It is often said that a programmer’s best friend is a good text editor, and that their best tool is their brain. Recently, I had an opportunity to examine and become familiar with a programmer’s second best tool: a good performance monitor.
For many applications, performance can be a critical advantage. Almost any scientific or engineering computing falls into this category, such as crash simulations, or weather modeling. However many desktop applications require good performance: computer games and video encoding are extremely taxing. In the embedded market, performance is likely to be even more important, unlike the general market; systems are not upgraded with faster hardware on a regular basis, and resources are scarce. Many applications, such as cell phones are constrained by thermal and power characteristics, so developers must squeeze out every last bit of performance.
The goal of performance analysis is to understand the behavior of an application on a given platform. In particular, most analysts focus on finding the hot spots in an application, where most of the time is spent, and eliminating any inefficiencies or bottlenecks in the program. Sometimes, this can be as simple as resizing a matrix to fit in the cache, or it can be a vastly more involved process including many different aspects of a program. Once upon a time, it was possible to look at the instructions in a program and figure out exactly how much time it would take to run, and where that time was spent. However, in a project with 50K lines of code, that is likely to be rather difficult, if not impossible. As computer systems have grown complex, developers increasingly rely on performance analysis tools, which supply cold hard facts to programmers, so that they can produce highly optimized and efficient applications.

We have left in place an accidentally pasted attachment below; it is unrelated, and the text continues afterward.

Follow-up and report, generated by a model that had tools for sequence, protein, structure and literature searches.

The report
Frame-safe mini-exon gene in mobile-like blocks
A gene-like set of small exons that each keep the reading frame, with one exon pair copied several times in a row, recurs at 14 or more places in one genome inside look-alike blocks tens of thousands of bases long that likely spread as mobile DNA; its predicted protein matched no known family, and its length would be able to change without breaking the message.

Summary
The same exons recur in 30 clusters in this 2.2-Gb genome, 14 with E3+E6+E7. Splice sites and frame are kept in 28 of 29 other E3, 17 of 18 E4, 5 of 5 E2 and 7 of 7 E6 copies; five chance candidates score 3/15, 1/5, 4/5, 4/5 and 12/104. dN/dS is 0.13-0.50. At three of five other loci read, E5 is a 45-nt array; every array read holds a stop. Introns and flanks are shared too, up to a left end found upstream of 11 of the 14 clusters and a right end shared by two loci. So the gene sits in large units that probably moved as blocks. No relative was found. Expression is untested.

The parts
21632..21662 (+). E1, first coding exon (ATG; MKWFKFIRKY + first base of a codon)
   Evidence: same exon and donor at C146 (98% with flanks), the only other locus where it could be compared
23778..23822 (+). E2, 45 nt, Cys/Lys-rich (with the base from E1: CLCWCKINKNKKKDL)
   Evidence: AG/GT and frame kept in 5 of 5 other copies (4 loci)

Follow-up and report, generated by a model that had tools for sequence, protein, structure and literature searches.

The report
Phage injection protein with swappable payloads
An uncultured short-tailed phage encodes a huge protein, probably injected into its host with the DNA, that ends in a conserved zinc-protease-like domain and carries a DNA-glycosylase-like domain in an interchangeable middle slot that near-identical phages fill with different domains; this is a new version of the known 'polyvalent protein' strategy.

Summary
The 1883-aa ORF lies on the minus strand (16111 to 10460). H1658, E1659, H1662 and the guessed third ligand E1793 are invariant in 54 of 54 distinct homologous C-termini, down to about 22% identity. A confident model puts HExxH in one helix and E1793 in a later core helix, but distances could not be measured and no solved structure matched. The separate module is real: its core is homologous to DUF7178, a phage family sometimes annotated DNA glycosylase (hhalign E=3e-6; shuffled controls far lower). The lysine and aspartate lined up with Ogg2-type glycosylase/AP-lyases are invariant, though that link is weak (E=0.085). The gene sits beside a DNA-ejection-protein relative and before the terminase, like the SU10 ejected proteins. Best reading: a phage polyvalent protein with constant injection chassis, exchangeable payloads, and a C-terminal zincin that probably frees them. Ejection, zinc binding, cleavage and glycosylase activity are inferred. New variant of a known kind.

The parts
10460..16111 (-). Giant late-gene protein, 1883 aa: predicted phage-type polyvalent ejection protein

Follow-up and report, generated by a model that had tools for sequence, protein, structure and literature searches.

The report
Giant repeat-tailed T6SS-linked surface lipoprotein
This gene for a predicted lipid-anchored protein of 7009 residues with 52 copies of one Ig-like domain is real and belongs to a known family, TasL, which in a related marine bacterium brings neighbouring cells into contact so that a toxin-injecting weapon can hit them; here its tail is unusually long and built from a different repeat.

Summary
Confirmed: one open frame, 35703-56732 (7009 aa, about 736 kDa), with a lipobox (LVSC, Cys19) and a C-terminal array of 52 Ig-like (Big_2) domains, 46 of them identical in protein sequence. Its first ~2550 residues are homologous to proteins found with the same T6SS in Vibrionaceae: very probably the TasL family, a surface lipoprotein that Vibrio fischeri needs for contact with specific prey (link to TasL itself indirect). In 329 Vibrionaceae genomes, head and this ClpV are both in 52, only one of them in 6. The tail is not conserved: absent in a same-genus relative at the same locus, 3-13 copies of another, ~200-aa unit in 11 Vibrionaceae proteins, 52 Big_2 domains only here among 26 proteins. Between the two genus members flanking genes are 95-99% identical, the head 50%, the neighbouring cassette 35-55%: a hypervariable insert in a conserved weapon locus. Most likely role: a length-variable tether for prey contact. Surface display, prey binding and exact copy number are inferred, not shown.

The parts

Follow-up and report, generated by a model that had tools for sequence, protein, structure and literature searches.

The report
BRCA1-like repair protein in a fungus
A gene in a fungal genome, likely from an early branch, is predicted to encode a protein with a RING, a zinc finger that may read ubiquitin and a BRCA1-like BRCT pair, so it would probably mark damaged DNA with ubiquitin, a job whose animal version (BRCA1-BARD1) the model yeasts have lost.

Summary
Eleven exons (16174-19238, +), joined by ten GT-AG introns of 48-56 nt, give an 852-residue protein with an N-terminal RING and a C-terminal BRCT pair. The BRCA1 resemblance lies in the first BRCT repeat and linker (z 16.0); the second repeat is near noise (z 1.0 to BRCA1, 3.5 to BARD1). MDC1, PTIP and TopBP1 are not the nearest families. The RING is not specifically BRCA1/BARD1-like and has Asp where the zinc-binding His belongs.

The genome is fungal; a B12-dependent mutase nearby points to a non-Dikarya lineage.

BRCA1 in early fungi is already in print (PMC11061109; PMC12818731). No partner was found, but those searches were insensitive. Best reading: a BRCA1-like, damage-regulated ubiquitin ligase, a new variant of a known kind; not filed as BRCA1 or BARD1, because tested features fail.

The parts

Intel provides an excellent performance analysis tool called VTune analyzer to help programmers profile their applications and extract the most performance from their code. VTune analyzer comes in both a Linux and Windows flavor, and runs on any of Intel’s architectures: IPF, x86 or XScale. The VTune analyzer has three major functions: event-based sampling, the counter monitor and call graph profiling.